FWIW, I’d steal the devil’s own lunch if KC asked me to, I’ll also help with the meeting – but, will I hold my breathe in anticipation of real change? Of course not.

My glass is empty – this is unpardonable; inexcusable – so, best get off my beam ends and amble over to fridge – this happens when one is home alone.

A General Aviation meeting, a ‘Tamworth Mark 11,’ would be a valuable exercise in several ways.
Firstly and obviously to create publicity for the ongoing plight of GA in particular and to generate political awareness without which reform is impossible. Impossible because the present model of regulatory governance for aviation has shown itself incapable of providing a workable or efficient environment for the GA industry. Thirty years into the rules rewrite (still not finished), several hundred $millions wasted and the last tranche of rules from 2014 are proving disastrous particularly for flying training. The transition to the new flying training rules is probably nearly complete, how many flying schools are left is a matter for conjecture because CASA does not count the numbers for comparison with years past. However the numbers remaining will be a tiny fraction compared to thirty years ago when CASA was remodeled into the independent Commonwealth corporate of today.

Secondly it behoves all of us to share and refine our thoughts on what is wrong and to reach some consensus on the method of reform. To this end it is clear that only by a change to the Act can reform occur. In the variety of diverse opinions about specifics, one would be hard pressed to obtain clause by clause complete agreement. Therefore the focus must be on the necessity for legislative change by demonstrating that the current trajectory is one of failure.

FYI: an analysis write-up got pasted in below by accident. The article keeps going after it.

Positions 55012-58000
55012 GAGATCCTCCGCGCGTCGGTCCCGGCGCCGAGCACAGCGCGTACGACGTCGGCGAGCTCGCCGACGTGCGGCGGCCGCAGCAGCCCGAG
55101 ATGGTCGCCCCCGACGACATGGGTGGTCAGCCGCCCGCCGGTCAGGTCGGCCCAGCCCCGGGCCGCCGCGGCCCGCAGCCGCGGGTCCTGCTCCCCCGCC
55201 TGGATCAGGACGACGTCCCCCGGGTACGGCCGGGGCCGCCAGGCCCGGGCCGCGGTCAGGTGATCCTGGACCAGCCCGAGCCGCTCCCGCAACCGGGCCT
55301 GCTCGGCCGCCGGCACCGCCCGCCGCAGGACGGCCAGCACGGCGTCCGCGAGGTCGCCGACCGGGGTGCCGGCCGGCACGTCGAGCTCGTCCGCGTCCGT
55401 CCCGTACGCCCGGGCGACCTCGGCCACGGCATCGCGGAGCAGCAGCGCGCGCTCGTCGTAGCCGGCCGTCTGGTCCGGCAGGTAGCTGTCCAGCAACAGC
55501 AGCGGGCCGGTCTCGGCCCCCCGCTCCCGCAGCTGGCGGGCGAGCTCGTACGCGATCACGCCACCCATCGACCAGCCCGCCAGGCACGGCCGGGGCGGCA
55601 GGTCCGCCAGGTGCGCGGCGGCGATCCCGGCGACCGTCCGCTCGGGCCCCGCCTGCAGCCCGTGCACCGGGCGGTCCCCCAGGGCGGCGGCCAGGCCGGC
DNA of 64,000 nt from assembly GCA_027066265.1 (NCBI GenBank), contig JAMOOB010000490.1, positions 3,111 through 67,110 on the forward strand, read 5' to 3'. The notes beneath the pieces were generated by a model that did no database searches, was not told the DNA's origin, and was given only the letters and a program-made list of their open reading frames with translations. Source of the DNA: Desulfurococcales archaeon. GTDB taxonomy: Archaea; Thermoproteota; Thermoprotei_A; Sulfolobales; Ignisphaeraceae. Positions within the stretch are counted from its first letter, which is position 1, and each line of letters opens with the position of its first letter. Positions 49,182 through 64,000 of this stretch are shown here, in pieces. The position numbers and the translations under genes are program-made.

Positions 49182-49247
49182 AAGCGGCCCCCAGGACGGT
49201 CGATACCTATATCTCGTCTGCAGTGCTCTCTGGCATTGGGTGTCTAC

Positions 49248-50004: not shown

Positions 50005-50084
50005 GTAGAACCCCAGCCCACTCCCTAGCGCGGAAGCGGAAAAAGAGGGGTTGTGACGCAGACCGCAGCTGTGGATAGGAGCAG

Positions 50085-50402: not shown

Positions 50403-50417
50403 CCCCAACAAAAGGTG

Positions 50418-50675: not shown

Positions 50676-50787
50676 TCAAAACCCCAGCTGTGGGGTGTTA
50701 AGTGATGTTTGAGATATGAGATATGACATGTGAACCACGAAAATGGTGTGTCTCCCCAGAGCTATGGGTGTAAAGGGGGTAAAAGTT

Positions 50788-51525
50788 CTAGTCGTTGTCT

CASA should not be invited, CASA is irrelevant to the political changes that are required.
A Sydney meeting would have more media coverage and is a more reachable destination for the majority, especially those from interstate.

A two day seminar type meeting would have various sessions for all involved but the main publicity would be from high profile keynote speakers in the plenary session followed by question time.

There should be at least one speaker to debunk the myth that to fly is a government given privilege. We need to throw off in ourselves the outworn notion that we are always beholden to the Crown in the final analysis.

The rule of law works when it allows our legitimate pursuits not impinging greatly on the rights and freedoms of others.

For GA simple rules would work. No one baulks at the road rules and in principle it will be no different for GA.

Airline and commercial flying will always be more systematic and more stringently rules based to international standards.

AMROBA is to be congratulated for its consistent work towards achieving rational, workable and internationally acceptable standards for aviation in Australia.

KC asks a fair QON? Rolleyes  

Via the AMROBA website:

Quote:[Image: BN-1-2-18.jpg]Breaking News 
Does Government Want GA?
February 12, 2018February 12, 2018 Ken Cannane
Does Government Want General Aviation

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Standing by for the AQON? Big Grin

MTF...P2 Tongue